URBAN URGENCY WATER CAUCUS, MARSEILLE, FRANCE, 14 OCTOBER 2009
Keynote and Panel: • • • • •
Philippe de Fontaine Vive Curtaz, European Investment Bank Antoine Frérot, Veolia Water Jean-Claude Gondard, City of Marseille Wen Kel Lim, Incheon Metropolitan City Bill Cosgrove, Ecoconsult
In introducing the Urban Urgency plenary session, Philippe de Fontaine Vive Curtaz, Vice President of the European Investment Bank, evoked some of the major urban challenges we are facing, such as poverty, aging populations, increasing inequalities in access to work, social integration and governance. Managing urbanisation is a difficult task within a constantly evolving context. Urban challenges are interlinked with challenges in other development sectors. In both water and urbanisation, the challenges and the solutions vary from one region to another, from one country to another and even locally. According to the United Nations, 50% of the world’s population lives in cities, and in 2050, this proportion will rise to 70%. The world will be more and more urbanised, but an urbanisation characterized by poverty. It is probable that the process of urban concentration will slow in Europe. Conversely, in developing countries, urbanisation has progressed much faster and, hypothetically, this tendency will continue. According to UN projections, between 2007 and 2050, the portion of the urban population in the planet’s least developed regions will increase from 28% to 56%.
Philippe de Fontaine Vive Curtaz
However, European cities will not be spared. Old cities in rich countries may have difficulties adapting to change, and many cities will be confronted with the problem of their centres becoming run-down. Managing these levels of urbanisation will be more difficult if capacities in spatial planning and management are limited. Intersecting urbanisation, water issues exacerbate the challenges. By 2030, 3.9 billion people in the world will live in water-scarce regions, which is 1 billion more than today. The panellists commented on this introduction with their perception of the challenges as seen through the prism of their own contexts, before raising other points for consideration. The city is often approached with worry, like an illness to remedy. However, none of the problems can be solved if it is perceived as a danger. Place for establishment, accomplishment, liberty and well-being, cities let people escape isolation and poverty, and at the same time, offer opportunities and possibilities to meet others. Since the influx of populations towards cities cannot be stopped, rather than condemning existing realities, methods for controlling urban development must be found, according to Antoine Frérot, Director General of Véolia Water.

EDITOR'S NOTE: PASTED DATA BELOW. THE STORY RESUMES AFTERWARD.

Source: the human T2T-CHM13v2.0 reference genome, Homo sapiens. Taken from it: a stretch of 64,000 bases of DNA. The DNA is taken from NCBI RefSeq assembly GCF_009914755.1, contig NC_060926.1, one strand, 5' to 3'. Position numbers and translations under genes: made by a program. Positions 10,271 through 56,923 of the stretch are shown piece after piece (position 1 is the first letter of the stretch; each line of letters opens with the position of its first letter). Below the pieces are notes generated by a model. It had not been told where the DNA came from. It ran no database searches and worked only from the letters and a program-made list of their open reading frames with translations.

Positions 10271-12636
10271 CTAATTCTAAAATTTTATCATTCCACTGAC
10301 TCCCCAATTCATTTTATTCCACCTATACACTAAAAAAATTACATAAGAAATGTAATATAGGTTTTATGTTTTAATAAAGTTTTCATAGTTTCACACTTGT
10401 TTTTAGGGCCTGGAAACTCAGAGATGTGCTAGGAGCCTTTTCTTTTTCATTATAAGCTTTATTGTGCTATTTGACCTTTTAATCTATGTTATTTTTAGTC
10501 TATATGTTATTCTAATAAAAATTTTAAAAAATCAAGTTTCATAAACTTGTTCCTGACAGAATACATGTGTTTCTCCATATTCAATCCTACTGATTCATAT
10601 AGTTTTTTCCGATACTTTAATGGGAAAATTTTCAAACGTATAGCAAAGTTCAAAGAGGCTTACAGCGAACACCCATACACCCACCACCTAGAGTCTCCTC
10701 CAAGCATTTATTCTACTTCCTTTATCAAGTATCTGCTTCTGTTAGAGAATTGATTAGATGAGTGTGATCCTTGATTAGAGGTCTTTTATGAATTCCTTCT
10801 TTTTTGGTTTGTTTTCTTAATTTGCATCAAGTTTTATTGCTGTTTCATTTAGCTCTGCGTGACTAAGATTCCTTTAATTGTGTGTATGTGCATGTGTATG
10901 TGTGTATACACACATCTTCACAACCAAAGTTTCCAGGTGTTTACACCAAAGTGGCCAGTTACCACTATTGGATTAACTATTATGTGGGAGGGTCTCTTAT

To illustrate these points, two examples of cities, Marseille (France) and Incheon (South Korea) were presented respectively by Jean-Claude Gondard, Secretary General of the City of Marseille, and Wen Kel Lim, Director of Water Management Division for Incheon Metropolitan City.
Marseille, a moderate city of 1 million inhabitants, has adopted a strategy that depends on three dimensions of sustainable development: economy, societal balance, and protection of the environment. The strategy supports the City and the neighbourhoods that comprise it in their efforts to combat social exclusion and environmental and climate problems. These actions also take into account the cityâ€™s good qualities. Marseille has a strong tradition of water knowhow, in terms of supplying good quality drinking water; in terms of sanitation, since a new treatment plant was inaugurated in 2007; and in terms of risk management, especially with regards to flooding. The recurring questions of financing and technical solutions are necessary for achieving the designated objectives.
Incheon, a megacity of 7 million inhabitants, has undergone super-urbanisation. Water availability has diminished over the past decades in Korean regions, which has engendered increased awareness of users who today use less water. But, Korea has also experienced extreme events, provoking heavy flooding. To adapt to this hydrological context, Incheon further developed desalination, treatment and reuse of wastewater, as well as rainwater collection. The City hopes to treat 100% of its wastewater by 2015. Balanced spatial planning requires human-sized cities. To refine thinking and find better adapted solutions, a distinction must be made between big cities and those that are designated as secondary. Because they offer comfort and equity, collective services, including first and foremost water and sanitation, are a factor of attraction. Regardless of the size of the city, these services should be accessible to all, including to newly arrived inhabitants so that they may become totally integrated. Antoine FrĂŠrot recalled that equality of access to these services reinforces social cohesion, security and citizenship.
Comments received from the floor helped to situate the subject within a wider framework. They recalled: • the role of virtual water; • the limitations of policies related only to the offer and the need to balance offer and demand; • the need to reinforce rural zones, whose situtions are at the origin of the exodus towards cities, and to consider the territory as a whole;
• the importance of planning, roadmaps, spatial planning and decentralization; • the need to develop the capacities of personel in charge of these issues, financial engineering and the quality of governance; • financial innovation; • the importance of citizen participation.
The participants also proposed that a theme on global spatial planning be included in the next World Water Forum. It was concluded that solutions to urban challenges must be adapted to each context and to the size of each city.
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